Interactive television (iTV) applications that allow consumers to shop, bank and play games are set to become mainstream consumer services in Western Europe, according to a report released Thursday by IDC.
“The development of interactive TV differs from other technologies in targeting a wide demographic base of households and displaying incremental growth,” said Jason Armitage, senior research analyst of IDC’s European consumer devices program.
IDC said that Western Europe is already at the forefront of iTV adoption, outpacing other geographic areas worldwide with 14 million households currently using interactive TV services and content.
Despite the cooling economy, iTV applications will demonstrate “notable increases” during the next two years, the study predicted. By 2005, roughly 79 million households will have access to iTV services, representing 51 percent of Western European homes, IDC said.
Even so, market conditions and funding concerns will affect the mass-market deployment of interactive TV in the short term, the firm said.
As a result, there will be a focus on applications that “have proven their viability with consumers, especially those demonstrating revenue-generating potential,” said Armitage.
Specifically, the report, titled “Interactive TV: European Market Review and Forecast,” said the segments that will enjoy additional marketing investments are interactive gaming and betting services.
While the initial groundswell of demand for iTV services in Western Europecan be traced back to 1995, IDC said a number of critical factors haveconverged and will sustain the rollout of such services in the coming years.
For instance, interactive applications have become a core component of digital television services, IDC said. According to the research firm, interactive offerings are critical selling points for European digital TV service providers looking for a competitive edge.
As for technical infrastructure and marketing initiatives, the report said that initial levels of investment in building networks and raising consumer awareness have already been undertaken in key markets and are likely to fuel growth.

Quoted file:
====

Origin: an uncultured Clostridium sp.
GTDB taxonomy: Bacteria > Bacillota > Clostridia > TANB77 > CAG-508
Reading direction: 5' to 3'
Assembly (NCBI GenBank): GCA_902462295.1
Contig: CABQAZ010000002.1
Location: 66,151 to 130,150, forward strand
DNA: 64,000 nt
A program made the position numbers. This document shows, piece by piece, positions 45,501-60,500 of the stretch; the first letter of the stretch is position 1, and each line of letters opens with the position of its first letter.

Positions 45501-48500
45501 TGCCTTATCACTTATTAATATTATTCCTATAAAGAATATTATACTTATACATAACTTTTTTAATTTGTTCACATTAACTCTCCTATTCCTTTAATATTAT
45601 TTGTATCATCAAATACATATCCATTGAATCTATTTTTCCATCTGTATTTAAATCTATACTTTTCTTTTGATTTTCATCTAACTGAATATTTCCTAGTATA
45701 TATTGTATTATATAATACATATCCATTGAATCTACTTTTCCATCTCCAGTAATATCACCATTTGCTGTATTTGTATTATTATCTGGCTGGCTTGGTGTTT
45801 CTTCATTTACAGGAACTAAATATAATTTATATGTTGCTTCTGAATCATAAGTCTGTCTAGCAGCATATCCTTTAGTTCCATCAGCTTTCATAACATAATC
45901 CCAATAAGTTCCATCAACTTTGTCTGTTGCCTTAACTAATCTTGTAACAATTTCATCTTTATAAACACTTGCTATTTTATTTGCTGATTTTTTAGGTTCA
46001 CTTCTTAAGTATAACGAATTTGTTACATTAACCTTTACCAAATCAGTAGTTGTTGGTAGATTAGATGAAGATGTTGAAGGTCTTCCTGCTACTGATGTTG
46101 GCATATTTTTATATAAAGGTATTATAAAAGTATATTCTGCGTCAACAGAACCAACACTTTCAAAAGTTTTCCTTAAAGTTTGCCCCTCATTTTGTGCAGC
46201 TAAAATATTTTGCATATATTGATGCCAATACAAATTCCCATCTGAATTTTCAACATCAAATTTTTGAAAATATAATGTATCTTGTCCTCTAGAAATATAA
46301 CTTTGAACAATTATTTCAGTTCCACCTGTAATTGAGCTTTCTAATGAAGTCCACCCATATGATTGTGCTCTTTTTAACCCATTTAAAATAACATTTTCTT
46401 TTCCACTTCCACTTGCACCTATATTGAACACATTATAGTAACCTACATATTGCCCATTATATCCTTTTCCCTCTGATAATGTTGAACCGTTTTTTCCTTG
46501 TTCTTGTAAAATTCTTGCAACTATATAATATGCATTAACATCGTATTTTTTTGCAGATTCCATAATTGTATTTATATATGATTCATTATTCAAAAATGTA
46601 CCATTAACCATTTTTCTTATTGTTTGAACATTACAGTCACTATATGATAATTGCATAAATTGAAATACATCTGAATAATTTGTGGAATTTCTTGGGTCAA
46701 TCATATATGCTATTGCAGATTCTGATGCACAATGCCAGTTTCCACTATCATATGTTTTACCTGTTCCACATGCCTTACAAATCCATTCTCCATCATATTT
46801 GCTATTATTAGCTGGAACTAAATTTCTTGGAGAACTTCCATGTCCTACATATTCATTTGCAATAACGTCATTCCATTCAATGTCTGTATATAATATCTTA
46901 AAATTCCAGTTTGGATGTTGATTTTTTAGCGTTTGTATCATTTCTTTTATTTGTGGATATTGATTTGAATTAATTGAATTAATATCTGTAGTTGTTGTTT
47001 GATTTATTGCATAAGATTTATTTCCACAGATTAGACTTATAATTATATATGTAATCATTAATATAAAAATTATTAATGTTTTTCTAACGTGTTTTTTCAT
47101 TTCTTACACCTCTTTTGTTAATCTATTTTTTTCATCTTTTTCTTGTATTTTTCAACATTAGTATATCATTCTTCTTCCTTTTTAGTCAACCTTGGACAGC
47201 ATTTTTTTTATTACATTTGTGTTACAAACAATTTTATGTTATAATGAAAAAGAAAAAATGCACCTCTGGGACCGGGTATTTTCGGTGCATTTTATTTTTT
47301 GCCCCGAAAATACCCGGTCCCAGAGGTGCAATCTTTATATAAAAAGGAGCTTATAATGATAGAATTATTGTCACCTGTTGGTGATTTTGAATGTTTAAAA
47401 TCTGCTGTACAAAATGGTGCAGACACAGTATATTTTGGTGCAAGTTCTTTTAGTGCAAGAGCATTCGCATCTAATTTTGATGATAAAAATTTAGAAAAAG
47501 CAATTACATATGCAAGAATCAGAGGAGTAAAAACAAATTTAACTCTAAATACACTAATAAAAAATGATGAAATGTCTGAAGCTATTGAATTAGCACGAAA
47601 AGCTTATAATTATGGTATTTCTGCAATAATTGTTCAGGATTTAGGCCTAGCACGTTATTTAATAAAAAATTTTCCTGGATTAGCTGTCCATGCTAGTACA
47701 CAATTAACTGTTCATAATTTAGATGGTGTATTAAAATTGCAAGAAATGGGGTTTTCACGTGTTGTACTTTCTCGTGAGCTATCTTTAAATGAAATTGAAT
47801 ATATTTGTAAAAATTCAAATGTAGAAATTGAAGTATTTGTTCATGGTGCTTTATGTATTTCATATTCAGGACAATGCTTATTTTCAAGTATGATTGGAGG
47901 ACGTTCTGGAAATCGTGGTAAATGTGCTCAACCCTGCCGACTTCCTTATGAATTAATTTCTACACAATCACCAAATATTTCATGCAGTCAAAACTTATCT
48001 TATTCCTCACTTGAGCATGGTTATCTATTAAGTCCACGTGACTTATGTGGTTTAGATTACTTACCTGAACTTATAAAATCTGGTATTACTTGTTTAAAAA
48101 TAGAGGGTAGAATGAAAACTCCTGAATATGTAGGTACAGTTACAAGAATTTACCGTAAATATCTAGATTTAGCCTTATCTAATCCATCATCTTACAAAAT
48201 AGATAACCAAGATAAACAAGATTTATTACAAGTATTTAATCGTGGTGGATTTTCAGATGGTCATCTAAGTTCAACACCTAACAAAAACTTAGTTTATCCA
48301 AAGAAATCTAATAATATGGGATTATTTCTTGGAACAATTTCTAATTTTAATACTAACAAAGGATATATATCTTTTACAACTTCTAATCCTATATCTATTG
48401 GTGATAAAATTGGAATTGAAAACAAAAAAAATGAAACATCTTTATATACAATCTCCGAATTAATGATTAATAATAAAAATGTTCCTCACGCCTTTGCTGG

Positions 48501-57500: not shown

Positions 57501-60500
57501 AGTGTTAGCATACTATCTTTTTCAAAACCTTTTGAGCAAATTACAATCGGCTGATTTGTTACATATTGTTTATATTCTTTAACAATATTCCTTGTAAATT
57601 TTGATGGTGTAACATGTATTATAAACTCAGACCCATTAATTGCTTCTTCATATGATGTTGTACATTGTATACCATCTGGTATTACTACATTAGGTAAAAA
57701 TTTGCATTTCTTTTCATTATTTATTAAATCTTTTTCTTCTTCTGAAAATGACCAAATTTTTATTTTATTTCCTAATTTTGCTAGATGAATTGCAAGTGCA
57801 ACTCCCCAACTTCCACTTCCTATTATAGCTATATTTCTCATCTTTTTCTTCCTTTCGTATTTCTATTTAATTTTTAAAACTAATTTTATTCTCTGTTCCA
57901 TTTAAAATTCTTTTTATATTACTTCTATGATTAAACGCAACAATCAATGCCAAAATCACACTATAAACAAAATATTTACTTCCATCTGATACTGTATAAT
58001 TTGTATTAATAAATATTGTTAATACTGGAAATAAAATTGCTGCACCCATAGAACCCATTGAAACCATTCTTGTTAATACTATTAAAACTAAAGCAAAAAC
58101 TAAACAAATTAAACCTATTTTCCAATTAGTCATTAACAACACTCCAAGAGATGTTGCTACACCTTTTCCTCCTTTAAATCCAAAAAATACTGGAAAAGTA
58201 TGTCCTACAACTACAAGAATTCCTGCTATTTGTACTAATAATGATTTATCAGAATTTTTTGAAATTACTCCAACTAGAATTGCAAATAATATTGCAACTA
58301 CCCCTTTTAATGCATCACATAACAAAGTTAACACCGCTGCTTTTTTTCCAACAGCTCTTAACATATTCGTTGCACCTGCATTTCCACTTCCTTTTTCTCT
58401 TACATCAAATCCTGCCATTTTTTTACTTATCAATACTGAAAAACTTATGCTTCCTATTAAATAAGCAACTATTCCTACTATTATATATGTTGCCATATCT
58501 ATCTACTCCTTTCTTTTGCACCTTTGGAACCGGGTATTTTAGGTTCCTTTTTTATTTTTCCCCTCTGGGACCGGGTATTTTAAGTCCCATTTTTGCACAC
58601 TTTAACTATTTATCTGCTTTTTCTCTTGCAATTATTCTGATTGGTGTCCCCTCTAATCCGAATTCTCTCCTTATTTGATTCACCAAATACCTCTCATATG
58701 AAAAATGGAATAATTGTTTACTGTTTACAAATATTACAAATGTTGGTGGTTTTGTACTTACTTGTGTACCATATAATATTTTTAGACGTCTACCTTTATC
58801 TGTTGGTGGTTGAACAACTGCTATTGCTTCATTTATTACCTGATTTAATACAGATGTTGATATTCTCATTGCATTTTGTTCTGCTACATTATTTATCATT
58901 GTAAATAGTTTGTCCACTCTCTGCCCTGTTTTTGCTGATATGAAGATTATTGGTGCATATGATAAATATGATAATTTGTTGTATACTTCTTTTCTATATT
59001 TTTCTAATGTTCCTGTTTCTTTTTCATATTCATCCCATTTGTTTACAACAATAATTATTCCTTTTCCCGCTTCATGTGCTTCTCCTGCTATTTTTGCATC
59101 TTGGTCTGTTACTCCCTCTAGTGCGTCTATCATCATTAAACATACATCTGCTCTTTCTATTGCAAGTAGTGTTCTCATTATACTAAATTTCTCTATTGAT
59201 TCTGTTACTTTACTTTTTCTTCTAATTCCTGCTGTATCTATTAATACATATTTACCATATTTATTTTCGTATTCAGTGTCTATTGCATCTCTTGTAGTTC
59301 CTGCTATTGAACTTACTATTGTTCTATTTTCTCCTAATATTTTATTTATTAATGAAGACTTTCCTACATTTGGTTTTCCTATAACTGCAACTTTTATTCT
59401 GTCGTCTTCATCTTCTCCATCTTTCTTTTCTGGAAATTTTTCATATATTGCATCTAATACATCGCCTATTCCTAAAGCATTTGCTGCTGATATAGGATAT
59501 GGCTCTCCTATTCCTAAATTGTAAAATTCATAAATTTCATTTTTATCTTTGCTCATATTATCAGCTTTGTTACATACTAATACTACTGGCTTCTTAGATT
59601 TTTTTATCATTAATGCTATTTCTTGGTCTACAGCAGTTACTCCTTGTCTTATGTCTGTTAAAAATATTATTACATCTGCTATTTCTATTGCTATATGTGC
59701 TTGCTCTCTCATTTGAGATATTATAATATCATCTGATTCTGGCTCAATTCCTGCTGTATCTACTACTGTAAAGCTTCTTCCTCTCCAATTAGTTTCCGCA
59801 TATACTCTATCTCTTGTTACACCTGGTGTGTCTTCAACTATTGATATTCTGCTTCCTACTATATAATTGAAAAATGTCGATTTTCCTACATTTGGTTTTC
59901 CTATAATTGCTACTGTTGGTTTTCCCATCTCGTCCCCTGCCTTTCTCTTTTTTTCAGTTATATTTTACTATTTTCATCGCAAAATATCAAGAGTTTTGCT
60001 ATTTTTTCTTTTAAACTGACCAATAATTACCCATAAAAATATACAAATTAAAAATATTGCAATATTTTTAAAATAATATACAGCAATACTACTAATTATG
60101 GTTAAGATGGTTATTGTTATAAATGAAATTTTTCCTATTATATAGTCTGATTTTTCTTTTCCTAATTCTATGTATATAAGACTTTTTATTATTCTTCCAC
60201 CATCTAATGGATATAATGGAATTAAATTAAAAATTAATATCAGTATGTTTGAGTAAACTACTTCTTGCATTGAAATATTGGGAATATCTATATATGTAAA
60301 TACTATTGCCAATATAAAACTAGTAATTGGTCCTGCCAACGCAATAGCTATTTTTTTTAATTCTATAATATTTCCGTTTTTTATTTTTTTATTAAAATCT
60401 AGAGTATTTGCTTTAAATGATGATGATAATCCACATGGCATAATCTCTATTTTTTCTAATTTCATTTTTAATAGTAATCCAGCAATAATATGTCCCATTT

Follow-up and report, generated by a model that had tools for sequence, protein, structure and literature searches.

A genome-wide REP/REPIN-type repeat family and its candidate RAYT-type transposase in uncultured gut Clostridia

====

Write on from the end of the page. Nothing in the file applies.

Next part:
An additional adoption driver cited by the report is the drop in costs for service suppliers. The drop comes as a result of technology providers focusing on leveraging existing applications and offering cheaper solutions. Similarly, hardware costs have also declined.
The U.S. Picture
Echoing the expected growth in the European market, industry analysts also predict that the U.S. iTV market is primed for significant expansion.
A recent study issued by Jupiter Media Metrix predicted that television will become an important vehicle for e-commerce transactions in the coming years, accounting for US$3.4 billion in consumer spending by 2005.
The prospect of future growth in the U.S., however, has not preventedAmerican companies from attempting to capitalize on the European market,where interactive TV usage has made further inroads.
In June, for example, Microsoft debuted its iTV software with TV Cabo of Portugal — the software giant’s first TV technology deployment after investing billions of dollars in the cable TV industry.
The service was designed to deliver e-mail, TV banking, online shopping, digital video recording and high-speed Internet access over TV Cabo’s broadband cable network, using Microsoft TV software.